You were summarily denounced as un-American if labeled “militant” or “radical” during the Civil Rights Era, especially during the 1960s and ‘70s. Negro integrationist leadership led the charge against blacks who decried the use of the name “Negro” and who promoted self reliance and connection to “the Motherland, Africa.”
Civil rights strategist Bayard Rustin and NAACP leader Roy Wilkins led the pack, receiving national and international attention in the white press, followed by too many editors of the then-Negro press.
Consciously or otherwise, what their appeasement policies did for white nationalism in America — and the world! — was to stifle the voices of black liberation bursting from American inner cities and hamlets and spreading throughout the Diaspora.
So many artists, writers and activists had to “stick and move,” like famed boxer Muhammad Ali did in the ring, to sidestep eager law enforcement harassment and arrest for all manner of spurious charges. From the White House, through lead antagonist J. Edgar Hoover, head of the FBI, to the white policeman on the beat, the thrust was about getting so-called black militants and radicals off the streets.
A most engaging idea that surfaced from the developing underground counter-culture of that era is that of chickens coming home to roost. Back then, disaffected black intellectuals especially, and some Native Americans and Latinos, were saying that what you (the American people) allow government to do to us today will be done to you tomorrow.
Tomorrow is here. Actually, it has been here for some time. Yes, chickens have come home to roost. Isn’t that what the present White House, Wall Street and Main Street debacle is all about? The greedy insiders ran out the front door with so much wealth, knowing that working people would have to make good on the debt they left, or that America’s financial (capitalist) system would fail.
White America has been asleep at the switch for so long that it has even forgotten where it is. When jobs were moved out to the suburbs so that companies did not have to train and hire blacks and other so-called minorities, Main Street did not see what was next.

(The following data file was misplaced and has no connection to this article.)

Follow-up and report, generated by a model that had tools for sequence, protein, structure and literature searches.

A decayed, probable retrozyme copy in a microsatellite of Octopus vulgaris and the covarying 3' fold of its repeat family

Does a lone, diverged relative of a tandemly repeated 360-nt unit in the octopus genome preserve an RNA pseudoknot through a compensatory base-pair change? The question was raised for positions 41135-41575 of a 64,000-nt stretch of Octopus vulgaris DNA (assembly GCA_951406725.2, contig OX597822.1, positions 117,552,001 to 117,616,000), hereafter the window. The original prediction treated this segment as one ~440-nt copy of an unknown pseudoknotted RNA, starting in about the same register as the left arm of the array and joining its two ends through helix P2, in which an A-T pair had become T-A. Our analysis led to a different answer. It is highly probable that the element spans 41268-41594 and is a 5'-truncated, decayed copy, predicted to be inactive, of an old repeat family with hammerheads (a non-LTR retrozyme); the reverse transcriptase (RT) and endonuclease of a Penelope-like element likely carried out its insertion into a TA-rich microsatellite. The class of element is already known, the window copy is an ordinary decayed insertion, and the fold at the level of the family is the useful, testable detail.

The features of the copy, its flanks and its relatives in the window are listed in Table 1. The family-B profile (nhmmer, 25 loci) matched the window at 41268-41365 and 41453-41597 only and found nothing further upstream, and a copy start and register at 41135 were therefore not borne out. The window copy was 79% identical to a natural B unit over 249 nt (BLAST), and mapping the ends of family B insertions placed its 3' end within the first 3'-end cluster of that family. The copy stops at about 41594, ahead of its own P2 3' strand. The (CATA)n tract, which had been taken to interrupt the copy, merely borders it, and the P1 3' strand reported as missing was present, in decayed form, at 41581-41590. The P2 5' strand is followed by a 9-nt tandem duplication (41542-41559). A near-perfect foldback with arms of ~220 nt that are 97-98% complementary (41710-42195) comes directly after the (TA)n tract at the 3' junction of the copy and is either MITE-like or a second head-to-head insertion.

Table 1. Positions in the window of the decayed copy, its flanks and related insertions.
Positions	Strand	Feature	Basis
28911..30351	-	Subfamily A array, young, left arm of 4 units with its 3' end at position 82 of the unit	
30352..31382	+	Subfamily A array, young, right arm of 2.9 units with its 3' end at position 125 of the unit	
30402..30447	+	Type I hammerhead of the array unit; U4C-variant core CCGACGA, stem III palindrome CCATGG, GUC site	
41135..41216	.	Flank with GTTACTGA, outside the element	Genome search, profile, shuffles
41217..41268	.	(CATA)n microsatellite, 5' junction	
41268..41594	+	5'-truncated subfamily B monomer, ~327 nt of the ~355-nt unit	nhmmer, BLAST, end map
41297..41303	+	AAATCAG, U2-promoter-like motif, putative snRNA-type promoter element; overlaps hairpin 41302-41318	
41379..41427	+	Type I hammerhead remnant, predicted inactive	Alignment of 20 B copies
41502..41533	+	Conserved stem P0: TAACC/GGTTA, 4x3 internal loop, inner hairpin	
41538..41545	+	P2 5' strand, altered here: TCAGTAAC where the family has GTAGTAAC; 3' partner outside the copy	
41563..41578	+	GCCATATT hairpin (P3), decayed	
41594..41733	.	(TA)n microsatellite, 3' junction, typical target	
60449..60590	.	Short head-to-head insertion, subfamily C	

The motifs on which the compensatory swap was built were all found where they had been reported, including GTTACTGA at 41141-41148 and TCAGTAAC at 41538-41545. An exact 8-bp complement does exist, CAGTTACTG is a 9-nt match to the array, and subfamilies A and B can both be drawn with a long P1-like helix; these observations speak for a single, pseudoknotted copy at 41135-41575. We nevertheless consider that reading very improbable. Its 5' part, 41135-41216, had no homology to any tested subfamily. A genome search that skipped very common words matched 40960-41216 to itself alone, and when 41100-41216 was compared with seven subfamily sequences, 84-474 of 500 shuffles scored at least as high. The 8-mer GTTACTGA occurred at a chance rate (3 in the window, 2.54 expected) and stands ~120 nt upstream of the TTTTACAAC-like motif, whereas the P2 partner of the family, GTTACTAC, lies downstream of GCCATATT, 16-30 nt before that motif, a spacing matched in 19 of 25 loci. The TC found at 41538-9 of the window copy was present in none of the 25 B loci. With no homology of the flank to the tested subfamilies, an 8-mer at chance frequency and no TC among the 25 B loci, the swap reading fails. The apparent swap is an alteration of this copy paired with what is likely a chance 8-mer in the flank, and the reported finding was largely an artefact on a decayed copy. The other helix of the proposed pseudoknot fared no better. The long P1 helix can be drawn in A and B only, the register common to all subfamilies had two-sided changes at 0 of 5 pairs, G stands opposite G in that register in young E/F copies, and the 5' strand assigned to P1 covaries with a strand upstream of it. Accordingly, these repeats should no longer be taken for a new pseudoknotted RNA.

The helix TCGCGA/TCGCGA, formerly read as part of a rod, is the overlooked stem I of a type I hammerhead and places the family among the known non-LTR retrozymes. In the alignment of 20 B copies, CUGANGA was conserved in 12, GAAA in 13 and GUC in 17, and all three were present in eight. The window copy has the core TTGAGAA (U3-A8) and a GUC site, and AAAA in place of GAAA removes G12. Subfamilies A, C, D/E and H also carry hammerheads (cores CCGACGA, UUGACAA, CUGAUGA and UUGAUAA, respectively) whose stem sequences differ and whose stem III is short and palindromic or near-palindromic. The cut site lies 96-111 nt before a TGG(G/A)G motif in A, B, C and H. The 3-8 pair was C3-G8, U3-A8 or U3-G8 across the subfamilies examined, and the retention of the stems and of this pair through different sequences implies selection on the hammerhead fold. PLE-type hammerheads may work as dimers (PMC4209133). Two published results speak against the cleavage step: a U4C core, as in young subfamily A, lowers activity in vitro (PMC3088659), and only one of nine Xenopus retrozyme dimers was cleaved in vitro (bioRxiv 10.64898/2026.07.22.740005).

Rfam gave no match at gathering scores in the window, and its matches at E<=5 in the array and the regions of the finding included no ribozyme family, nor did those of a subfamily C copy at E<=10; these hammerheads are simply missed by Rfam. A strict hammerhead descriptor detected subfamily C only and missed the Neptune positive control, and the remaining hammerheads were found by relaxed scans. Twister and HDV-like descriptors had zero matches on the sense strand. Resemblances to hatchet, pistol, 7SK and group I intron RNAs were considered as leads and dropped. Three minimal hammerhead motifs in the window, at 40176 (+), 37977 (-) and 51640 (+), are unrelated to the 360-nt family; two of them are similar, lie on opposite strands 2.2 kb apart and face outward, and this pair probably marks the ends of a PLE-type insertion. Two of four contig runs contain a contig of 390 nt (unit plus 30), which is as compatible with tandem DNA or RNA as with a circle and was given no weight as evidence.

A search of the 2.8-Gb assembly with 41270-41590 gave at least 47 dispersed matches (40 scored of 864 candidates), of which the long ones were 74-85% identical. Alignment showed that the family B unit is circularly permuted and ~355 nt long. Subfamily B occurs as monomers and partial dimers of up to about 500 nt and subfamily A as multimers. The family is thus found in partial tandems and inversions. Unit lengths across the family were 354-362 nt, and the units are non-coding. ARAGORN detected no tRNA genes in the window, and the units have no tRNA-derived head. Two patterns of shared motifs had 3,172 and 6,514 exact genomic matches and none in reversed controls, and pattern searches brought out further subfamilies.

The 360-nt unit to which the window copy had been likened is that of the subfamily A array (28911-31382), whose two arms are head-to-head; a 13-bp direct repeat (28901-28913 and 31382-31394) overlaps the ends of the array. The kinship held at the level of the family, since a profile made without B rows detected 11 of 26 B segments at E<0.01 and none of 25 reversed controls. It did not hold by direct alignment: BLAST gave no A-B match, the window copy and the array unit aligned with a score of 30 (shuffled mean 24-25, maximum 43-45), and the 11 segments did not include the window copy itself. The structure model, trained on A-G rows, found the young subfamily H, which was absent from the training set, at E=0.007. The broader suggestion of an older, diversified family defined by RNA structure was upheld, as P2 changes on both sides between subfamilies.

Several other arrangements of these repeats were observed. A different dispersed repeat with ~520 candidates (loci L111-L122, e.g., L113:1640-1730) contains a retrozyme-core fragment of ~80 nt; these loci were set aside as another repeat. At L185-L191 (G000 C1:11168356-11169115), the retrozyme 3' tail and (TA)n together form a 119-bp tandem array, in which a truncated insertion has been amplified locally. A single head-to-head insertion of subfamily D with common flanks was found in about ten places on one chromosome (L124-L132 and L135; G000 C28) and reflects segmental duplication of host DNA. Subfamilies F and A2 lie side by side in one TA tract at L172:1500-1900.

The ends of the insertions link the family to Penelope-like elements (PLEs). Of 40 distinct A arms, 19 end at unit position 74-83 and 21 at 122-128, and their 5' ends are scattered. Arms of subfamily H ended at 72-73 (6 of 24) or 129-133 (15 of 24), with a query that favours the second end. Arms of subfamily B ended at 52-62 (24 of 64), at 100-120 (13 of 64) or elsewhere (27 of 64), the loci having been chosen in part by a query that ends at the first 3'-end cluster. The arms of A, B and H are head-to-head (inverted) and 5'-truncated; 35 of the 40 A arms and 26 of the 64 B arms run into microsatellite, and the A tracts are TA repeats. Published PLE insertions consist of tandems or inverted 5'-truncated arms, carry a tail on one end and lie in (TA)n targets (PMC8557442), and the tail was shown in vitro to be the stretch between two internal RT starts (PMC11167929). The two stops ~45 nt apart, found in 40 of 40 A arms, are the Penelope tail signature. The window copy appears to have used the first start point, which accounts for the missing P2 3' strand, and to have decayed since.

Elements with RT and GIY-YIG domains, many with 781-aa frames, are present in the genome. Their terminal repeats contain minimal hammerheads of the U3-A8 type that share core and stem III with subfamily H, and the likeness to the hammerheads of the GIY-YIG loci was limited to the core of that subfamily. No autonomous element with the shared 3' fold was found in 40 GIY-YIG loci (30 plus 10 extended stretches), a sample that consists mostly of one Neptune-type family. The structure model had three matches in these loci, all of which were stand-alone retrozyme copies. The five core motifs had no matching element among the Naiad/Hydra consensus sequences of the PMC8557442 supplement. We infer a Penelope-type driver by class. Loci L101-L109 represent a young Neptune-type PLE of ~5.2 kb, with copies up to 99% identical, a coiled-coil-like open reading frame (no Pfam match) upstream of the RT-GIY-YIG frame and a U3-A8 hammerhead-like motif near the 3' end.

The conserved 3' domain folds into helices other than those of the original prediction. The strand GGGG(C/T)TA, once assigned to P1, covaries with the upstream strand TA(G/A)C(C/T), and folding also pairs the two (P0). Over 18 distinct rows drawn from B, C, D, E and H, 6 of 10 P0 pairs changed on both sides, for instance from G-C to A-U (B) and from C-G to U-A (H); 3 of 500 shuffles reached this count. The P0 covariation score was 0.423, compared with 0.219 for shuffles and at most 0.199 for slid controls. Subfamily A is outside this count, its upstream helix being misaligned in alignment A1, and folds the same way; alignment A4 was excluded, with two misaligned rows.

What has been happening at increasing speed is the movement of training and jobs to developing and undeveloped nations, where profits are magnified through cheap labor and from which America derives little or no taxes. Plant and office closings have derailed the prosperity of many American towns and cities.
Why haven’t Americans denounced these moves as un-American greed? White Americans believe in a system that has historically benefited them, that’s why. Blacks, on the other hand, hang passively behind a leadership that coaxes them to be calm, wait and pray, while leaders enjoy the fruits of middle-class living afforded via the “system.”
Rodney McGill, a black former drug dealer turned preacher, sits in a Martin County, Florida jail today with bail set at $1.4 million. He was arrested on charges of mortgage fraud,
grand theft and racketeering. His mortgage broker wife is also in jail, bail set at $1.4 million. The cops say the couple had a ponzi scheme going.
That’s somewhat like the Wall Street ponzi schemers who have absconded with so much loot, yet none of whom are anywhere near a jail. The McGills sold homes at very high prices, knowing the real estate market was faltering. That left people with mortgages they couldn’t afford. The McGills had purchased these homes months before for considerably less money. Investors were promised a quick profit, and those who did make money excited others to invest.
Like any pyramid or ponzi, people at the top profit, not the people who get in later, or the bottom feeders. But Rodney McGill insists that everything was alright with the banks that participated.
In a Sept. 22 Palm Beach Post article, McGill said, “We were all on the ride, and whoever was left on the ride got left holding the bag. That’s why you’re hearing about R. McGill and people like us.”
Come on now, you mean nobody in Washington or Wall Street is in jail?
Al Calloway • Al_Calloway@Verizon.net